Has it been your experience, Mr Mangaroo, that there are any areas in the country more in need of the commission’s services more than others...Caroni, Laventille, Westmoorings?
We do a lot of projects in the Diego Martin, Morvant areas, Laventille as well, and we need to empower a lot of these people in rural areas but we don’t have the resources and training to do that kind of work. We have a hydroponics project in Maracas, St Joseph; we did one in (Sangre) Grande and some other districts.



If you had to identify a particular area or areas which are in need of the commission’s work but because of inadequate funding you are unable to do so, what areas these would be?
I do not want to single out any community but yes, we still have a lot of poor people in this country and I feel we should do better, and corporate Trinidad needs to go out there and do not do just one project in isolation, but do a bit more.



I think the business sector can come and assist even more in the rebuilding process, especially where there are fires at the homes of poor people. That is important and like I always say, there is poverty throughout the land regardless where we live…I have seen poverty in Port-of-Spain, in Laventille. When I leave here, I am going to Cedros to see two poor families. Some communities need that extra push to go out there and help themselves.



Mr Mangaroo, when the commission was established, the needs that existed then...are they still there or has it changed in any way?
(Clearing his throat and gesticulating with his hands.) It continues. I will tell you something, eh. You know something called rural neglect?



Does it exist today as it did way back in 20-something?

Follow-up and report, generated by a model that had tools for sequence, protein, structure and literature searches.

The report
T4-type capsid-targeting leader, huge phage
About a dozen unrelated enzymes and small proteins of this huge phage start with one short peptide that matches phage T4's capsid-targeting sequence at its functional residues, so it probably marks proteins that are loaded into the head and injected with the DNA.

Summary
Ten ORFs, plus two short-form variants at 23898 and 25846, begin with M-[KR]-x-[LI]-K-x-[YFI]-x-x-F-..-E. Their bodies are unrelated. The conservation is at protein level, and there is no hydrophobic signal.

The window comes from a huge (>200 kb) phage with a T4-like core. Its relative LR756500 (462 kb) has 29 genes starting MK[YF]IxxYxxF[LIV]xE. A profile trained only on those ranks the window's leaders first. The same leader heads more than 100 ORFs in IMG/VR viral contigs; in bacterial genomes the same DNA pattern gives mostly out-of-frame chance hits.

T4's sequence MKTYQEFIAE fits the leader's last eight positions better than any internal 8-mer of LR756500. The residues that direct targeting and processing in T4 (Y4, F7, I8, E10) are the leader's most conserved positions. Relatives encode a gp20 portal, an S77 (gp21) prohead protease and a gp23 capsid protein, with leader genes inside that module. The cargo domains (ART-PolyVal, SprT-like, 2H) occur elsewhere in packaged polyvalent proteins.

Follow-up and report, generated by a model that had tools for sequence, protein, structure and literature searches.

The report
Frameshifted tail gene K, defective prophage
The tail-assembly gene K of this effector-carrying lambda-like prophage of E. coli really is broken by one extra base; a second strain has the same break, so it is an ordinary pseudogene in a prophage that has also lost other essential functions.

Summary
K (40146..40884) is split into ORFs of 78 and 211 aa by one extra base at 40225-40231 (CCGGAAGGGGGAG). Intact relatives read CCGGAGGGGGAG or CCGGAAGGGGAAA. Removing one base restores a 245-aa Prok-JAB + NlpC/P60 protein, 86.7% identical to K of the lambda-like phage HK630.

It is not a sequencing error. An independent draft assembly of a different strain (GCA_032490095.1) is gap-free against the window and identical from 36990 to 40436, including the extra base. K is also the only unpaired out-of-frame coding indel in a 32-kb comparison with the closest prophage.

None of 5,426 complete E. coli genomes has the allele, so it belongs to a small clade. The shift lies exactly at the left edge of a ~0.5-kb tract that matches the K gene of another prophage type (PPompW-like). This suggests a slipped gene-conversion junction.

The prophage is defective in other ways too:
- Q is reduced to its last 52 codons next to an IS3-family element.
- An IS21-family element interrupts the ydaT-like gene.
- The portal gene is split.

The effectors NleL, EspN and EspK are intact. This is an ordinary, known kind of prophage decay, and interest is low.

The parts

Well, I did not look at the statistics but what I saw when I began my term in office and what I am seeing now, it is becoming more and more prevalent. It hurt me when I first visited Laventille that people were using communal latrines…they still do, but there is little I can do. There is little I can do (voice lowering almost to a whisper).



Didn’t the Mighty Sparrow mentioned that in his Ah like it so, which spoke of the ONR’s plight while campaigning for the 1981 general election, and doesn’t that say something about the country’s political landscape?
I don’t want to comment on that one, eh. Don’t put me in that spot at all…I cannot answer that at all. But we try to improve the communities wherever I go. My focus is on the young people, and I love to see young people making an effort to get things done.



Has the commission changed its modus operandi from then to now?
To an extent, yes. When I go out there, l see what they are doing to attract the young people, and when I see the churches doing a lot to bring young people together to keep them away from those negative aspects of our society out there, we would go one step further to assist.



Although this is not under the direct purview of the commission, however, in your interaction with the various communities, which are the most underdeveloped in the socioeconomic context?
North-east Trinidad. The Toco/Matelot districts need very much to have some developmental projects.



What about the rest of the East–West Corridor?
Mr Raphael, I believe you want me to comment in a certain manner about antisocial behaviour of some residents in these areas (laughs), but I will not. But things could happen there and as a country we need to go in there and change the lifestyle, that is what we need to do. I visit those areas regularly and the people are willing, but they need guidance.


We cannot deal with some of the adults, but we can surely do something to prevent this young generation from falling by the wayside. We cannot take away their weapons but, as I said, they need guidance in every form and fashion.